More than a decade ago, Alexandra was whisked away from her management role in Romania to go to Austria for her husband’s job as a diplomat. Abroad, she has volunteered for various not for profit organisations and this year, she published a book to share her experiences. Read on to hear more about her unique lifestyle – the diplomatic life is not always as glamorous as it sounds.
Can you please tell us a bit about your childhood?
I grew up in Bucharest, the capital of Romania. My high school years happened at the end of the communist regime, just as travel was opening up. When I was 16, I went to the US as a high-school exchange student. After a week in New York, I stayed in Louisiana with a local family.
After I returned, I taught English, which kept me in work while I was studying management at university. There were two branches of management study: corporate and social institutions (not for profit organisations, hospitals and so on). I chose social institutions for my bachelor’s degree and corporate for my Master of Business Administration, so I can look at a project from both sides. Corporate managers are always thinking about profit; NGOs have a different approach.
After graduation, I worked for a construction company in Bucharest. I started in sales and marketing and eventually became a Sales Manager.
When did you leave Romania?
I moved to Austria when I was 31. It was a good time for me, because my daughter was 18 months old and I was pregnant with my second child. It was a busy time personally, but I wasn’t professionally active.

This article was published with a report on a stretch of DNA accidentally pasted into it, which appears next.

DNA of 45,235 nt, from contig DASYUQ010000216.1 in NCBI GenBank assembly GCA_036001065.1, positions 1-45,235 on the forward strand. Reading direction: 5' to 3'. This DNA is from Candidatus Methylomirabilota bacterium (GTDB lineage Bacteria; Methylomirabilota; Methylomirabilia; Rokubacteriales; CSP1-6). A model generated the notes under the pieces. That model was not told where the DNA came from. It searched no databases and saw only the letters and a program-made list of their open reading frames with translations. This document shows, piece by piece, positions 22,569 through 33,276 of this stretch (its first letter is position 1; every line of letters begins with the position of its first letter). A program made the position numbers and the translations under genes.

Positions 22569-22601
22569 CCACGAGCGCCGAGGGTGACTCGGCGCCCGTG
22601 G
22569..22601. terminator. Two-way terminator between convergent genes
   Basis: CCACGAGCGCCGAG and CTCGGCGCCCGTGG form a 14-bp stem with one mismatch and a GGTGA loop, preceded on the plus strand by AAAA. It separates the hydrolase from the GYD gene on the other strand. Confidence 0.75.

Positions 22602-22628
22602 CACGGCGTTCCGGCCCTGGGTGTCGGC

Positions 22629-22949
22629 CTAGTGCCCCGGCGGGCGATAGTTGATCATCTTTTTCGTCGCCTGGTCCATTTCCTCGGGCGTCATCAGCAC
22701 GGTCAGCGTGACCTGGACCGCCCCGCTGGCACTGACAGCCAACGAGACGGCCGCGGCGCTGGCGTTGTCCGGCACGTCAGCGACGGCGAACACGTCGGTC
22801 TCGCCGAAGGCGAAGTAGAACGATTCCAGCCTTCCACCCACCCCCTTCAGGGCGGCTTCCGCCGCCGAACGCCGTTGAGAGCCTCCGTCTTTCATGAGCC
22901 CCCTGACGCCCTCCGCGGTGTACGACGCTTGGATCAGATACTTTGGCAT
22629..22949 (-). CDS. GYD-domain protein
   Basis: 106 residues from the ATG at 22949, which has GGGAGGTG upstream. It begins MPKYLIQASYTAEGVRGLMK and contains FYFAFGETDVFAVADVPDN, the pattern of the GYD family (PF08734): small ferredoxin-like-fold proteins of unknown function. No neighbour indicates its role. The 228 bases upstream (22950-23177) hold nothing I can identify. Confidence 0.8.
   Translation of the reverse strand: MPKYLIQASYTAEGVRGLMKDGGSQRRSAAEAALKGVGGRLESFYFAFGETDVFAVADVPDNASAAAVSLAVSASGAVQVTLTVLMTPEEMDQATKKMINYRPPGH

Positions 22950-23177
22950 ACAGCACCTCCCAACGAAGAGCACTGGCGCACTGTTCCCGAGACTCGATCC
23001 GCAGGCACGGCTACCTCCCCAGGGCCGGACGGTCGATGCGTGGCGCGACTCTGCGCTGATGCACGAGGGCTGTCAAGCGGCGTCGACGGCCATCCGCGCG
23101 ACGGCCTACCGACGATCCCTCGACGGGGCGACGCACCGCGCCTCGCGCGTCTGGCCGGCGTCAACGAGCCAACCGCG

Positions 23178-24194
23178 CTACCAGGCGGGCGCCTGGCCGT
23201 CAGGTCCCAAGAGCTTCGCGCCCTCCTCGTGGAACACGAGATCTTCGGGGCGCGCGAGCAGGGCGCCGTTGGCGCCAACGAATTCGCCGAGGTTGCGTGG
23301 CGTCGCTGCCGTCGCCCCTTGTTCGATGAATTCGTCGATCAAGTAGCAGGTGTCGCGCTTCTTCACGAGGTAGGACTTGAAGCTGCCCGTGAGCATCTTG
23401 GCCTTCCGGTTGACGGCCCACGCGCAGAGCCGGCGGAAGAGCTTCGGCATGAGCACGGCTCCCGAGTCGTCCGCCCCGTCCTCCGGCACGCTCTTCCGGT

Now, my children are 12 and 11. They attend a German school, so they speak German, Romanian and English. We’d like them to maintain their German, which means we have to find the right school when we move. When you have kids, new postings become more complicated.
How do new postings work?
Usually, postings are for four to five years max. Available posts are listed, and you choose three. Maybe you get one of them, but there are no guarantees.
We had five years in Vienna, one year back home, and now are in our sixth year in Berlin. We were expecting to move, but because of Corona times, we’ll probably move next year in the summer.
How did you meet your husband?
We met on a ski slope in Romania.
A week earlier, I’d bought a pair of special ski glasses. Glasses need to be good for use at high altitude and low temperature. This brand was all over the media, ‘These will never break’, ‘if you break them, we will give your money back’. I took this on and tried to smash them with a hammer, but I couldn’t even crack them, so I took them skiing with me.
On the mountain, I was waiting for a cable car with a group of people. One of the guys I knew introduced me to my husband. I took off my glasses to be polite, and that minute, the glasses broke. I was shocked and started laughing. People said it was a sign.
When you moved to Austria, how did it impact your sense of identity?
At the beginning, I didn’t give it too much thought. I was too busy looking for a kindergarten and getting my young family settled.
Later, I started asking questions: Who am I? What am I going to do now?
Being a diplomatic spouse is underrated. People on the outside think you just live a privileged life, but the stress and loneliness that come with it are often forgotten.
It’s very hierarchical, like the military, so at the beginning when your husband is junior, you are a junior too. So, you’re not recognized from the outside, and you’re not treated very seriously inside either.
What did you do?
I looked for volunteer work. Vienna isn’t very big compared to Berlin, but I was lucky, because it houses the UN headquarters, so there are lots of international spouses. I joined the United Nations Women’s Guild, an organisation that started in New York but has a branch in Vienna. It’s run by wives of UN employees and diplomats. There were a lot of formalities because it’s inside UN headquarters, but I was accepted. I found it very rewarding.
We ran lots of functions and events, organized charity lunches, Christmas bazaars and raised a lot of money each year to sponsor causes around the Globe.